Nanosilicates can create bone from stem cells without growth factors

illustration of how clay nanoparticles that can direct stem cells to become bone or cartilage cells

Image: Texas A&M Engineering

Researchers at Texas A&M University are exploring a new class of clay nanoparticles that can direct stem cells to become bone or cartilage cells.

Akhilesh Gaharwar, an assistant professor in the Department of Biomedical Engineering, and his students have demonstrated that a specific type of two-dimensional nanoparticles, also known as nanosilicates, can grow bone and cartilage tissue from stem cells in the absence of growth factors. These nanoparticles are similar to flaxseed in shape, but 10 million times smaller in size. Their work was published recently in Proceedings of the National Academy of Sciences.

The National Institute of Biomedical Imaging and Bioengineering provided funding.

Two-dimensional nanomaterials have gained increasing popularity over a variety of fields, such as energy, optics and regenerative engineering, due to their extremely small size and unique shape. These nanoparticles consist of highly organized atomic layers made from minerals. The minerals are abundantly present within the human body and help in some vital functions.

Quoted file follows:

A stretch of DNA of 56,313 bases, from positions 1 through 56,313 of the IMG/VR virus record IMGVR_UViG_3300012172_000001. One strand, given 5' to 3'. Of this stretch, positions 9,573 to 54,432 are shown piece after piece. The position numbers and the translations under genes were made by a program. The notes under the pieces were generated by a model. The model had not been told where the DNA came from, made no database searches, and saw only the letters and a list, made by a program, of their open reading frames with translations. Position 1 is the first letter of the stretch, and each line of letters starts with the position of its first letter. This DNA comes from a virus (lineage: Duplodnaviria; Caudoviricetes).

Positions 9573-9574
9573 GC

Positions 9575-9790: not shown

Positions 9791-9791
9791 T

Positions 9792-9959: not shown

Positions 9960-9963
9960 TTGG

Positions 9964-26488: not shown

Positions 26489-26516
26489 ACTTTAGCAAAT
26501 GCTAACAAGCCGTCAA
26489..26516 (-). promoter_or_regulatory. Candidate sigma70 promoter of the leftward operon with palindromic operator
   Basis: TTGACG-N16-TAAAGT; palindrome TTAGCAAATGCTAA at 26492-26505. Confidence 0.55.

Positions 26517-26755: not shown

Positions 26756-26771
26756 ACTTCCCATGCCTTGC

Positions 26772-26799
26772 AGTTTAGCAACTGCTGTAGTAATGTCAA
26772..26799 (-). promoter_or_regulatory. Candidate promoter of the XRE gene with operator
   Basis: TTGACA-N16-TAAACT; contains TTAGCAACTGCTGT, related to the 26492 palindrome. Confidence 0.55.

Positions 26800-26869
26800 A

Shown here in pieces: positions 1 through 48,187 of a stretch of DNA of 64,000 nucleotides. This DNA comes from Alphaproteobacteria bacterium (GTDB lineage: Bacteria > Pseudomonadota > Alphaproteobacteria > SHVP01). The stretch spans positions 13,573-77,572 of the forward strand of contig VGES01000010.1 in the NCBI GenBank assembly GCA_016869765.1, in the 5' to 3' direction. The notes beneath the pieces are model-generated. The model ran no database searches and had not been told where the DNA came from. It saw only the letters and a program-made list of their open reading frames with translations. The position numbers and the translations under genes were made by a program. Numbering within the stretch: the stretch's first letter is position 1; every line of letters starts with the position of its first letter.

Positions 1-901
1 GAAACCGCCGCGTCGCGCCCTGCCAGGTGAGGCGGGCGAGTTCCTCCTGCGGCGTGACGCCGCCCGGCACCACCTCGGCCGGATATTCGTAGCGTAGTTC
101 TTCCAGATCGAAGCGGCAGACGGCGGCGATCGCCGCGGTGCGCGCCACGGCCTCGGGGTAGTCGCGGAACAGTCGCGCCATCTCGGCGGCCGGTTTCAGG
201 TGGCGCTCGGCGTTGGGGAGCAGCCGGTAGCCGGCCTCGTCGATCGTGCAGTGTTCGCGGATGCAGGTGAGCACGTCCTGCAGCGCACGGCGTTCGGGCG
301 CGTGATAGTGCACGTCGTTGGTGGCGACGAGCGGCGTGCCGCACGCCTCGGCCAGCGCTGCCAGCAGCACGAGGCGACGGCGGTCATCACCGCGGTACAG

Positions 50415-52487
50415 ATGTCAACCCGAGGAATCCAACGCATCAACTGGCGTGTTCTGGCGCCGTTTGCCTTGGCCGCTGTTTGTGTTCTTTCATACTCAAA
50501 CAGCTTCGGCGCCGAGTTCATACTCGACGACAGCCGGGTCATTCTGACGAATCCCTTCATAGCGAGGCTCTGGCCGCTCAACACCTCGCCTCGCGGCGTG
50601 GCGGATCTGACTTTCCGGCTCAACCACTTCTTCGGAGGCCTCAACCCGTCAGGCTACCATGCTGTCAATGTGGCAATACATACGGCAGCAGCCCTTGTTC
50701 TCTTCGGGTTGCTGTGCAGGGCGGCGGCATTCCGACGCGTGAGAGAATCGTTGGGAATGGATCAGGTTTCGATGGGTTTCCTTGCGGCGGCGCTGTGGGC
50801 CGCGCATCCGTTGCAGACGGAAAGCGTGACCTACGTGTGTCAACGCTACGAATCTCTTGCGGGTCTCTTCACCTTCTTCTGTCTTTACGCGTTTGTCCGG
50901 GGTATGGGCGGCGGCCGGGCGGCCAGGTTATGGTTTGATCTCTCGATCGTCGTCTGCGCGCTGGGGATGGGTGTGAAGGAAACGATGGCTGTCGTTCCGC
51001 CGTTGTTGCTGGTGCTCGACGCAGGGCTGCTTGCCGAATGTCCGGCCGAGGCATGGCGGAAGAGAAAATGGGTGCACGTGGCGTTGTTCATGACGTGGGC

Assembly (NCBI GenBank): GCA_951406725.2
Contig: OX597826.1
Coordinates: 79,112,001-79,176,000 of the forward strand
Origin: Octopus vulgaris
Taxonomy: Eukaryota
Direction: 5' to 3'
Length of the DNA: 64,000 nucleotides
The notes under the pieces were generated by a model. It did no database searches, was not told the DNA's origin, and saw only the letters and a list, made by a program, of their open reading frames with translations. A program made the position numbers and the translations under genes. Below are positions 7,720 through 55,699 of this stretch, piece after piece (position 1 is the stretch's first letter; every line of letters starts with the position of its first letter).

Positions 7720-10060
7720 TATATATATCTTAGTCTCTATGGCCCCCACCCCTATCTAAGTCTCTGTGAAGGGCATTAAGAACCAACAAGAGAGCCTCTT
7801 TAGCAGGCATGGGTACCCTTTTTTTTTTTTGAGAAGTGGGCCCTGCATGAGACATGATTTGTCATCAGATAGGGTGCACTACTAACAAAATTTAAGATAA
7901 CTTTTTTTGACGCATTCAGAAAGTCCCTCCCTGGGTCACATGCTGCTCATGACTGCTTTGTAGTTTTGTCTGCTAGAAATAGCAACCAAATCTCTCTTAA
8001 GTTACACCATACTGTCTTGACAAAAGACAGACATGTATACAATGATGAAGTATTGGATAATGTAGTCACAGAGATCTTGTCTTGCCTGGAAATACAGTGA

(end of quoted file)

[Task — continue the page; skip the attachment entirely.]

“To understand how these nanoparticles interact with stem cells, we utilized a next-generation sequencing technique called RNA-seq,” said Irtisha Singh, a computational biologist from Weill Cornell Medicine at Cornell University and the corresponding author. “RNA-seq takes a snapshot of gene activity of the cell at any given moment. This is similar to taking a high-resolution photo during the Super Bowl and identifying the reaction of every fan during the touchdown.”

RNA-seq uses next-generation sequencing to reveal the presence and quantity of RNA in a biological sample at a given moment. For example, cell-nanoparticle interactions can result in significant change in cellular behavior that can be observed by using this technique.

“This technique is very sensitive to investigate the interaction of a wide variety of nanomaterials with cells,” said Jake Carrow, a doctoral candidate in Gaharwar’s lab and co-first author of the study. “With this combination of nanotechnology and computational biology, we can better understand how a material’s chemistry, shape and size can contribute to cell functions.”

More at the Texas A&M Engineering Experiment Station

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